In Tokyo, Prime Minister Shinzo Abe slammed the test as “absolutely unacceptable” and vowed a tough response at the United Nations. [Japan Times]
Some how I doubt the Kim regime is impressed by threats of taking them to the UN Security Council. I guess we will see if the nuclear test will be enough to get the ROK government to move the blockade preventing the installment of the remaining four THAAD launchers in Seongju.
North Korean leader Kim Jong-un reportedly inspecting the loading of a hydrogen bomb onto a new intercontinental ballistic missile, according to North Korea’s state media, a claim that some outside experts doubt but one that intensifies already high levels of concern on the Korean Peninsula. [AP/YONHAP]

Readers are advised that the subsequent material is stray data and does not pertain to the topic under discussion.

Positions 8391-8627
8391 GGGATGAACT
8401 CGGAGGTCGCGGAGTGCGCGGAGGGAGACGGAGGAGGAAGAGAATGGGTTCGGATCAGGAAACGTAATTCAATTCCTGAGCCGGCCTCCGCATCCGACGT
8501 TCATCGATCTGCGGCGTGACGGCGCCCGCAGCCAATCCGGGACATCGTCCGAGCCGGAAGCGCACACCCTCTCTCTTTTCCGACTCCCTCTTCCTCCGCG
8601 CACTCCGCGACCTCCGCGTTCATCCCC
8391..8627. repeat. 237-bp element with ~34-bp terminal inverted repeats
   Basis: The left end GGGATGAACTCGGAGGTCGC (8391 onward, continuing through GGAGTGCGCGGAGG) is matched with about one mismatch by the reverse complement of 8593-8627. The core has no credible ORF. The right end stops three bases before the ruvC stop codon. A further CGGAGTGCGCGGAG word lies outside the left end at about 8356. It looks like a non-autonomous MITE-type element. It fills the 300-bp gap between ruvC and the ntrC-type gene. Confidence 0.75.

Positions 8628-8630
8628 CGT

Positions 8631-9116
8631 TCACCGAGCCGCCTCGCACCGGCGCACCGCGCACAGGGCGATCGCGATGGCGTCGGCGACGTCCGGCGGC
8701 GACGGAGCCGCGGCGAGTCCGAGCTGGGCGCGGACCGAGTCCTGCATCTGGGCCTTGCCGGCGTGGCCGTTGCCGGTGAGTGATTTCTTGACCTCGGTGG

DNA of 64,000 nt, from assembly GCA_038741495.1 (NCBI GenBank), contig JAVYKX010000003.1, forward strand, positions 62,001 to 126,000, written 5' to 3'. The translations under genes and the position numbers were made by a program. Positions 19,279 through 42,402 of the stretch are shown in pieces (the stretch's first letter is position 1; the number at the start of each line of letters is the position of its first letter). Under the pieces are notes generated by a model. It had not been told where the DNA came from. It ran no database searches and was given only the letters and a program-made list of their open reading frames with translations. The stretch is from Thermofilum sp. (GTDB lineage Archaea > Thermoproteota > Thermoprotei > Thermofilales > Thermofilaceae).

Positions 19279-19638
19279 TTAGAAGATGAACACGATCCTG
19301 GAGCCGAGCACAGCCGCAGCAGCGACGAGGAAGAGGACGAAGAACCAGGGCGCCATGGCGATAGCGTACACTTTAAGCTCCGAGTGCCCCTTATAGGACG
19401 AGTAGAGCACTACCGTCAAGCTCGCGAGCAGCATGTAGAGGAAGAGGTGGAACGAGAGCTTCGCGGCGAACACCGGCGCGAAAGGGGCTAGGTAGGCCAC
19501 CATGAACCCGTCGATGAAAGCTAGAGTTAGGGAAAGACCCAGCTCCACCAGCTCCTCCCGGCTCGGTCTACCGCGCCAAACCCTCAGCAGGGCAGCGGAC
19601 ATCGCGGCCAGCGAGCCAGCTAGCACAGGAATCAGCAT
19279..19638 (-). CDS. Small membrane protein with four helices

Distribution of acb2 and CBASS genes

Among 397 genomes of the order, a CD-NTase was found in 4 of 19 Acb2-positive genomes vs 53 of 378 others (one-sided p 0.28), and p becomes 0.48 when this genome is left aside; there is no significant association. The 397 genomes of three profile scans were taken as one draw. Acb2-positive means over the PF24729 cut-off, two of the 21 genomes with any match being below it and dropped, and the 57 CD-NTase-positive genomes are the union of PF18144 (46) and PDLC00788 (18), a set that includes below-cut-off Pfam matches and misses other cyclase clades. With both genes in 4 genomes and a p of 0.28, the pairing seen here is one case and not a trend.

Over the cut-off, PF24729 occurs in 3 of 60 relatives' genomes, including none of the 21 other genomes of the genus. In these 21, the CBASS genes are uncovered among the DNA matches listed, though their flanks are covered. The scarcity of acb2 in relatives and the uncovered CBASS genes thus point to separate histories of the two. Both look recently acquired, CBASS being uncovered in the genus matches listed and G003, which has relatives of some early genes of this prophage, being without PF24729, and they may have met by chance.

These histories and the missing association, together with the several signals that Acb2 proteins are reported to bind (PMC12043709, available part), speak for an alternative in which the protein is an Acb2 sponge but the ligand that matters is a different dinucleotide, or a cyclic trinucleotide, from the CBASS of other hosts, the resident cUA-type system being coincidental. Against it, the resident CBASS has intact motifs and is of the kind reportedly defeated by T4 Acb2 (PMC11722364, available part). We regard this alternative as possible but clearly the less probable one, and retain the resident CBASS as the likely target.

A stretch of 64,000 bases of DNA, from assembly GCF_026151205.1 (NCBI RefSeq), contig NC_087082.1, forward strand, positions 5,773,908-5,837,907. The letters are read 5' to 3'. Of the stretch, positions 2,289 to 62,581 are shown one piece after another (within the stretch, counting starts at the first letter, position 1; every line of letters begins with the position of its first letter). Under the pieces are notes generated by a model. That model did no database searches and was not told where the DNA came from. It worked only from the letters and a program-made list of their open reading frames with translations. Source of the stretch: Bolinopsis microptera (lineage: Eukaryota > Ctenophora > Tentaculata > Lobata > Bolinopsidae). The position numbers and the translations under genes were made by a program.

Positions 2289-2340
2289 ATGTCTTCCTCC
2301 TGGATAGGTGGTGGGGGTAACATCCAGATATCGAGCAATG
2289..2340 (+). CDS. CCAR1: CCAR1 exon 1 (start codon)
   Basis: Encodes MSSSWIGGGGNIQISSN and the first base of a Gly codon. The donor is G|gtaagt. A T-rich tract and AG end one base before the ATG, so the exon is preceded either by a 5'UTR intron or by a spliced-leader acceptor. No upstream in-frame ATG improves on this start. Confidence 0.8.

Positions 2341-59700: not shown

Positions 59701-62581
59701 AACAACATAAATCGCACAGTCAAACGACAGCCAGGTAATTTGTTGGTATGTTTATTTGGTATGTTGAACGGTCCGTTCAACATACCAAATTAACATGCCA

It appears this and other issues are reaching a boiling point with President Trump who heavily criticized President Moon
It appears that President Trump is about to put significant pressure on South Korea over the US-ROK Free Trade Agreement despite the nuclear test:
On trade, the president’s top economic advisers remain deeply divided over a possible withdrawal from the United States-Korea Free Trade Agreement, as negotiators from both countries struggle to rewrite the five-year-old deal.
In recent days, a frustrated Mr. Trump has pushed his staff to take bold action against a host of governments, including the one in Seoul, that he has accused of unfair trade practices. But many of his more moderate advisers, including the chairman of the National Economic Council, Gary D. Cohn, believe that such a move could prompt a trade war that could hurt the United States economy.